But what about today? Ours thinks of itself as a post-Christian culture. There are no statues people praise as gods and try to feed. So what does all this matter now? Isn't ours a post-idolatry age? Alas, no. Ezekiel heard a warning from God about people who don't just bow down to the images they make with their hands, but who “have taken their idols into their hearts” (Ezekiel 14:3). Famously, the human mind has been termed a “perpetual factory of idols.”3 The LORD God says, “You shall have no other gods before me” (Exodus 20:3), but oftentimes, people will do it: they'll pick out some worldly power, some force in the world, and will focus their attention on it, placing it functionally between themselves and the true God. God says, “You shall not make for yourself a carved image or any likeness” (Exodus 20:4), but oftentimes, people will go on to represent that power in some specific and concrete way, to enshrine it in their hearts. God says, “You shall not bow down to them” (Exodus 20:5), but oftentimes, people will lessen their own God-given dignity by lowering themselves in the presence of that power. And God says, “You shall not... serve them” (Exodus 20:5), but oftentimes, people will organize the rhythms of their lives or the patterns of their thinking around their inward image of that worldly power or force. And in that way, idolatry remains a live temptation in the modern Western world no less than the ancient Near Eastern one – because we've taken our idols into our hearts.

This morning, I offer you a few examples. One power we're tempted to focus on is Mammon – money, treated as if it were a god. Now, obviously, we need purchasing power to survive in the course of day-to-day life; and we were made to work, made to act on and in the world. But this work we do was never meant to define who we are, and acquiring goods and resources and power was never supposed to be our primary pursuit. Too often, though, we do define ourselves by what we 'do for a living,' or what we've been able to accumulate. At some points in our lives, we become workaholics – we get uncomfortable if we aren't active, if we aren't producing, if we aren't accomplishing. At some points in our lives, our careers overshadow the lives and families that they're meant to support – the means to the end of sustaining a family becomes an end in itself that overshadows that family and that life. And at some points in our lives, our daydreams become captured by all the things we want to surround ourselves with. Our thoughts and feelings are discipled by the workplace. And when that happens, Mammon is the god whom we incarnate in the idol called Career, or in the idol called Household, or in any of the many little idols proposed to our eyes and ears by a relentless barrage of advertising. The trouble is, “You cannot serve God and Mammon” (Matthew 6:24). When career is an idol, when your house is an idol, when the stuff you have or wish you had is an idol, then something contrary to serving and loving God has emerged.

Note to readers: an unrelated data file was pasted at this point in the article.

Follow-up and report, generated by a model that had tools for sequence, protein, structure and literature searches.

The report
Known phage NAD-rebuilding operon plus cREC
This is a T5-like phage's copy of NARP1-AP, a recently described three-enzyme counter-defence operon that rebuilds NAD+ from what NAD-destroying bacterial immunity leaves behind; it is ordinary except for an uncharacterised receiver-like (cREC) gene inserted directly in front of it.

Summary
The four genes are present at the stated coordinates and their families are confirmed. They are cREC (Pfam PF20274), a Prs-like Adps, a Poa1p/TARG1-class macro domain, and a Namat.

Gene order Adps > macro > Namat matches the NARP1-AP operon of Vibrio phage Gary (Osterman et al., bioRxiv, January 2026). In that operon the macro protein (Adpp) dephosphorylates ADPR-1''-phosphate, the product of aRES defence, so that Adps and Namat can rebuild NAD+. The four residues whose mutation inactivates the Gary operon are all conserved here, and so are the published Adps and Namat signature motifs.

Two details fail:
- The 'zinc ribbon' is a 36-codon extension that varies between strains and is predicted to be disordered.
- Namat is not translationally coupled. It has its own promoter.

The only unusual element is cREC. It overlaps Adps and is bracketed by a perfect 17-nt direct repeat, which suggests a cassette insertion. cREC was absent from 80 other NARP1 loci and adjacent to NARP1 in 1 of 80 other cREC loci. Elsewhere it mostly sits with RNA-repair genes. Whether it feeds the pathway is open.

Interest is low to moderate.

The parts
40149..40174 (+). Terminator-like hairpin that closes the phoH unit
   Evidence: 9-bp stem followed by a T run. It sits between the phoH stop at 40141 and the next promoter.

A second example: Another power we're tempted to focus on is Leisure or Pleasure. Now, obviously, we need to enjoy ourselves, need to rest, need to take delight in the world. And yet there's a danger here, too, just as in our work. Our hobbies and our vacations can become all-consuming pursuits, to the point that they interpose themselves between us and God, becoming in effect the idols we've introduced into his presence. Maybe we routinely go away on weekend vacations or hunting trips that tear us from the midst of God's people where God summons us. Maybe cooking a holiday dinner for family takes the place of actually celebrating the holy day for and with the holy God. Maybe sports games and music recitals, our own or our grandchildren's or simply what we see on the TV, begin to crowd out worship and service. Then we have started to bow down and serve these leisures and pleasures and enjoyments as idols; and, like seed falling among thorns, we risk being “choked by the cares and riches and pleasures of life,” and our fruit may wither and die on the bud (Luke 8:14). The Bible warns us to never be “lovers of pleasure rather than lovers of God” (2 Timothy 3:4) – but these idols appeal.

A third example: Yet another power we're tempted to focus on is Social Esteem. Now, obviously, we all – to some extent or another – want to be liked, honored, and affirmed by an audience of our peers. And in a healthy society, this is a feature, not a bug: it's designed by God to help reinforce pro-social behavior. And yet it can be blown out of proportion. The power of society to affirm or reject can become tyrannical. When treated like a god, it uses our concern for reputation to manipulate us. We strive to appease it by 'being cool' or 'going with the flow' or simply 'being normal.' We carve an image of social esteem, an image called reputation; we bow to peer pressures explicit and implicit; we serve it by organizing our lives the way everybody around us does. And yet we're warned that “whoever wishes to be a friend of the world makes himself an enemy of God” (James 4:4). We're blessed if our attachment to Jesus leads neighbors to hate us, mock us, shun us (Luke 6:22). And the reason it's blessed is that it means we've ground the idol of reputation to dust, and left its dust at Jesus' feet.